What does “are you root?” mean? In order to install packages systemwide (what apt-get does), it needs root privileges, since you will be creating and changing system files (root is the usual name for the *nix administrator account). The «are you root?» message is a gentle reminder that you "need to be root" in order to run apt-get install. This is the most ...


1

How about (using GNU grep and bash): $ grep -vFf - file.txt < <(grep -B2 -A1 'fff' file.txt) aaa bbb ccc hhh iii Here we are finding the lines to be discarded by grep -B2 -A1 'fff' file.txt, then using this as an input file to find the desired lines discarding these.


1

I found it! history [n] An argument of n lists only the last n lines. $ echo "hello how are you" $ history 2 1060 echo "hello how are you" 1061 history 2


1

I didn't bother researching how to import missing modules and such. That's a pretty steep learning curve for my taste, as I am only starting to use GNU/Linux. Instead, I formatted the UFD with ext4 using a healthy Ubuntu installation on another PC. I was then able to mount it on the patient PC, and from there I only had to copy the file. In terminal on the ...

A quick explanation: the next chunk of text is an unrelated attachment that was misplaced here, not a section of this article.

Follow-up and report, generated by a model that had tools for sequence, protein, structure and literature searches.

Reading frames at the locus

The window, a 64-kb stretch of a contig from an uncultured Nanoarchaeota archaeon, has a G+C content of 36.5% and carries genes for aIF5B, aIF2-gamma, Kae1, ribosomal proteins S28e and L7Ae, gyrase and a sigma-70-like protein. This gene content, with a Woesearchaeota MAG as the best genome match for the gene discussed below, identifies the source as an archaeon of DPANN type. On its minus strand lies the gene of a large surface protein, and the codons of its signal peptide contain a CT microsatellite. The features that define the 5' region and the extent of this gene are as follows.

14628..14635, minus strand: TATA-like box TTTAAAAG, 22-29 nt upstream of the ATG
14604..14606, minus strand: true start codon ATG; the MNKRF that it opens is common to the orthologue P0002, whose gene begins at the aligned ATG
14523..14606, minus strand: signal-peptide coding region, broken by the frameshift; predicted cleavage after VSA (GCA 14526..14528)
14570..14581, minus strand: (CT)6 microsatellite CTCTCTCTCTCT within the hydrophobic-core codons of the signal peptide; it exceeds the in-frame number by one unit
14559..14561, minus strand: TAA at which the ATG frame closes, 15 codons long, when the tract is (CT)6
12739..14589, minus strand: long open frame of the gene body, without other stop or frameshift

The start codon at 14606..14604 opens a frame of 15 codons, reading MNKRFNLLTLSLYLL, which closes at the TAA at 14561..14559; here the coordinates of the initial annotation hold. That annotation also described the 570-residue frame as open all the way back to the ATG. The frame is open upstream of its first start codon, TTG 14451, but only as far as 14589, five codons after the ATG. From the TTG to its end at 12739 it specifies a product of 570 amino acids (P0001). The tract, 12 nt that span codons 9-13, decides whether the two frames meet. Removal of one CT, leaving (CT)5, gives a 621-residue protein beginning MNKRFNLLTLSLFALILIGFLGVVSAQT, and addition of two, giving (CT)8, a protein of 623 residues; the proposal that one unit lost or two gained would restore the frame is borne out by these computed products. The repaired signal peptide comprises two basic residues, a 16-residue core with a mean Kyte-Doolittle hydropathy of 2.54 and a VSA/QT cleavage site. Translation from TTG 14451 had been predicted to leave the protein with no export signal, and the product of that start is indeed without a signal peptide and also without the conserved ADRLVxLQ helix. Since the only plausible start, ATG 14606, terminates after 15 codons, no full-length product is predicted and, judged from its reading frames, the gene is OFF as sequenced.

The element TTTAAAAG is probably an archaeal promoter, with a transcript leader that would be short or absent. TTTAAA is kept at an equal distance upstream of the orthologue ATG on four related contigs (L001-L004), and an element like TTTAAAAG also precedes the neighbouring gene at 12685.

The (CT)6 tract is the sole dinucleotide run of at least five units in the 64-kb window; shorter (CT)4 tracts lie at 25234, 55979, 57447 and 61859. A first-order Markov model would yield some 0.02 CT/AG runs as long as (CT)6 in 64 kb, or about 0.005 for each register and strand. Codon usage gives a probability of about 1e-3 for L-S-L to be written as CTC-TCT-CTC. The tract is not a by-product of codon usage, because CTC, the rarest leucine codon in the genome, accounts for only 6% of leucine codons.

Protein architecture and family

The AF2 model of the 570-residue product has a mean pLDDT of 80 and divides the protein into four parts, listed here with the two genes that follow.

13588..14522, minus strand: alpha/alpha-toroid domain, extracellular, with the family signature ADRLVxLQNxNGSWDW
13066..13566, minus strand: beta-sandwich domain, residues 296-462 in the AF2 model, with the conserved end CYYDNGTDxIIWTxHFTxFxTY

1

The following solution is based on nothing but xxd (one of the tools mentioned in the question), Bash and GNU sed. It assumes that the input consists of complete bytes (groups of eight letters), arbitrarily separated by newlines. The approach is: Strip all newlines. Group letters into four-letter groups terminated by spaces. Filter these quadgraphs into ...


1

scim is the best command line spreadsheet right now. It compiles easily on OSX. You have to make one modification to the source code to fix the backspace key on OSX. https://github.com/andmarti1424/scim


1

I found the best option was to upgrade freerdp following these guidelines: In Terminal: $ cd /usr/src $ git clone git://github.com/FreeRDP/FreeRDP.git $ cd FreeRDP $ sudo aptitude install libcunit1-dev libdirectfb-dev xmlto doxygen \ libxtst-dev libavutil-dev libavcodec-dev build-essential git-core \ cmake libssl-dev libx11-dev libxext-dev ...